Latest News

    Station Crew Awaiting Shuttle Launch

    ISS020-E-031128: Cosmonaut Gennady Padalka Image above: Expedition 20 Commander Gennady Padalka performs a check on an air filter unit in the Zvezda service module of the International Space Station. Credit: NASA

    With the launch of space shuttle Discovery delayed until early Wednesday, the Expedition 20 crew had an extra day Tuesday to prepare the International Space Station for the arrival of the STS-128 crew.

    Discovery, scheduled to launch Wednesday at 1:10 a.m. EDT on the STS-128 mission, is carrying more than seven tons of supplies, science racks and equipment, as well as additional environmental hardware to sustain six crew members on the orbital outpost. The shuttle also will deliver the newest Expedition crew member, astronaut Nicole Stott, for a three-month stay aboard the station.

    Flight Engineer Tim Kopra, who will be returning home aboard Discovery, spent some time completing additional departure preparations. Later, Kopra worked in the Japanese Kibo module to replace a hard disk in the video recording unit of an experiment studying the Marangoni effect, which is the flow of liquids caused by surface tension.

    Flight Engineer Mike Barratt collected samples from surfaces throughout the station and tested them for microbial contamination. For this task, the crew uses LOCAD, the Lab-on-a-Chip Application Development-Portable Test System, which detects biological and chemical substances within 15 minutes.

    In the Russian segment of the station, Commander Gennady Padalka inspected the sediment collector in the condensate water processor, while Flight Engineer Roman Romanenko cleaned fan guard screens.

    Supporting NASA’s mission to inspire the next generation of explorers, flight engineers Bob Thirsk and Frank De Winne teamed up to record an educational video demonstration. These videos recorded by crews living and working aboard the station are used in developing curriculum support materials for distribution to educators internationally.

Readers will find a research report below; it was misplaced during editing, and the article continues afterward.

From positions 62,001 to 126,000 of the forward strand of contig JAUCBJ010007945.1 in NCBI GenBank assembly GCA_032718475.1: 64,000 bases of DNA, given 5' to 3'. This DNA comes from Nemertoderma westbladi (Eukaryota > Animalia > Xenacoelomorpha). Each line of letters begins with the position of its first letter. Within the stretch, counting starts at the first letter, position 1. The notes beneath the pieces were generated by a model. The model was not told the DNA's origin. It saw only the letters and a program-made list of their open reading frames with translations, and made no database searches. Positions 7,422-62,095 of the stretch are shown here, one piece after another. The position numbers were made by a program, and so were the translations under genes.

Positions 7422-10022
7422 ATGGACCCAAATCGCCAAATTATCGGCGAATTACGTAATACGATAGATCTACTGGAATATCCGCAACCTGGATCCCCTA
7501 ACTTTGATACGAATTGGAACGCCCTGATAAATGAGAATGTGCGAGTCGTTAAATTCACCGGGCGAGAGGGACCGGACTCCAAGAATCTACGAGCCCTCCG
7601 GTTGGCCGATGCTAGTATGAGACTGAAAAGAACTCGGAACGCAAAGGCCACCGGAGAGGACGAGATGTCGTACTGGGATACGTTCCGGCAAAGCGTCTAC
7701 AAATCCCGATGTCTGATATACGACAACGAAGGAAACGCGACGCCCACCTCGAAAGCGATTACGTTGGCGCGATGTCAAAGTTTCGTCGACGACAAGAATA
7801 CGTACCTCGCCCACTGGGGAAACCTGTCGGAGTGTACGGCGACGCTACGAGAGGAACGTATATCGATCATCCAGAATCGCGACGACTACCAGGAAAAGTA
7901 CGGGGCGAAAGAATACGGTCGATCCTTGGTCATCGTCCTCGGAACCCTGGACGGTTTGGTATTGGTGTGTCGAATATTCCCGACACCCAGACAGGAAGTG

› Read more about STS-128

    › Read more about Expedition 20
    › View crew timelines

    2009 International Space Station Calendar

    As part of NASA's celebration of the 10th anniversary of the International Space Station, the agency is offering a special 2009 calendar to teachers, as well as the general public.

    The calendar contains photographs taken from the space station and highlights historic NASA milestones and fun facts about the international construction project of unprecedented complexity that began in 1998.

    › Download calendar (5.3 Mb PDF)

International Space Station Features

Interactive Features

  • NASA Photosynths

    View NASA Photosynths

    NASA and Microsoft have released an interactive, 3-D photographic collection of internal and external views of the International Space Station and a model of the next Mars rover using Microsoft's Photosynth technology.

  • Do You Know Where Your Space Station Is?

    Do You Know Where Your Space Station Is?  →

    Thanks to the wonders of the Internet, real-time tracking data and the Gateway to Astronaut Photography of Earth, you can take a look at the Earth below from where the International Space Station is right now.

  • International Space Station Interactive Resource Guide

    Interactive Space Station Reference Guide

    Take a virtual tour of the orbital outpost.

See the Station in the Sky

Related Multimedia